If the Withdrawal Agreement is not ratified by the current European Parliament before the elections in May 2019, it will have to be ratified by the new European Parliament, which only holds its first session in July 2019 at which it will need to concentrate on reconstituting its political groups and committees. In September, Parliamentary time is normally taken up with the appointment of the new Commission. Accordingly, the European Parliament may only finally ratify the Withdrawal Agreement in October 2019.
There is therefore time for the Withdrawal Agreement to be further amended.
Possible Further Amendments to the Withdrawal Agreement
The EU has always insisted that the negotiated withdrawal agreement was the best and the only agreement possible and has refused to reopen it. The European Council has reiterated this refusal in recital 12 of the second Article 50(2) extension decision – adding for good measure that the extension cannot be used to start negotiations on the future relationship.
The EU has however agreed in its conclusions of 21 March 2019 to an "instrument" with legal consequences relating to the Withdrawal Agreement (as well as a Joint Statement relating to the Political Declaration) in an unsuccessful attempt to secure acceptance by the UK House of Commons. It has also announced that it is open to the negotiation of a customs union with the UK and to the reinforcement of labour protection provisions in the future relationship. These are two demands of the UK Labour Party that could guarantee a majority in the UK House of Commons for the approval of the Withdrawal Agreement. Indeed, the UK Labour Party is insisting that these demands be anchored in some way in an international commitment so as to prevent a future UK government from reneging on them.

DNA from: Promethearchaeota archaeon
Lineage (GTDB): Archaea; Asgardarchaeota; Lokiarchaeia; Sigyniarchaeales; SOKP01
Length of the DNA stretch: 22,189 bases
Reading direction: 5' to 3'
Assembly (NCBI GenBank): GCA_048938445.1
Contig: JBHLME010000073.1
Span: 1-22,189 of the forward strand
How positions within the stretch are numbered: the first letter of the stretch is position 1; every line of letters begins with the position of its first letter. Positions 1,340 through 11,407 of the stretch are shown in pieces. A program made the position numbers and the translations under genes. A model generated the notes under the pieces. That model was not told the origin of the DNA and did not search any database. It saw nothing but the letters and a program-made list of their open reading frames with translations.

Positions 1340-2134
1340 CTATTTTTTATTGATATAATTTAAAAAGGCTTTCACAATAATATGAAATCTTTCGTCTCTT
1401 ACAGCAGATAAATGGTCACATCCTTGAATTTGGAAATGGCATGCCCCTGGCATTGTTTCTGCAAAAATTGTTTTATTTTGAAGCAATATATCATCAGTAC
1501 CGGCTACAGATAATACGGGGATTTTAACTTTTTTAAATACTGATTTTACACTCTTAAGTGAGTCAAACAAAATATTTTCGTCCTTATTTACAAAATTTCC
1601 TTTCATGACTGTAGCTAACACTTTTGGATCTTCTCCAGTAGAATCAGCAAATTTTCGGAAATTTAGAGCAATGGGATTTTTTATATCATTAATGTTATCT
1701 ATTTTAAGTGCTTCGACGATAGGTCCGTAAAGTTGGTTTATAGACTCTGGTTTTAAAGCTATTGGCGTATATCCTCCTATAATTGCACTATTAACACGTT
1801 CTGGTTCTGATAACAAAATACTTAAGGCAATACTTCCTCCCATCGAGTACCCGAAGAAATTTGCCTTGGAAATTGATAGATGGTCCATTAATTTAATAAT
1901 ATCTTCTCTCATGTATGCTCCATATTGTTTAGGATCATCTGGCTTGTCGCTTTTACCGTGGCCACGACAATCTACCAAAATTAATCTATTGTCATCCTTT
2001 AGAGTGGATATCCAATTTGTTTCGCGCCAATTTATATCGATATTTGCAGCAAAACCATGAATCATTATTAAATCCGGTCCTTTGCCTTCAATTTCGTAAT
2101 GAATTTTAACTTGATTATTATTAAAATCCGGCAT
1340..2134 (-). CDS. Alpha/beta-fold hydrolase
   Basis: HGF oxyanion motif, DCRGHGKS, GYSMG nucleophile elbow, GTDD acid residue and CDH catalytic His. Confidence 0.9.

Accordingly, the EU would presumably be open to the negotiation of further "instruments" with legal consequences in connection with the Withdrawal Agreement that could render it acceptable to the UK House of Commons. Indeed, since the Withdrawal Agreement needs to be reopened in any event (at least to amend its Article 185), why should these commitments not be inserted into the Withdrawal Agreement itself, or at least into the Protocol?
The contents of this publication are for reference purposes only and may not be current as at the date of accessing this publication. They do not constitute legal advice and should not be relied upon as such. Specific legal advice about your specific circumstances should always be sought separately before taking any action based on this publication.
© Herbert Smith Freehills 2020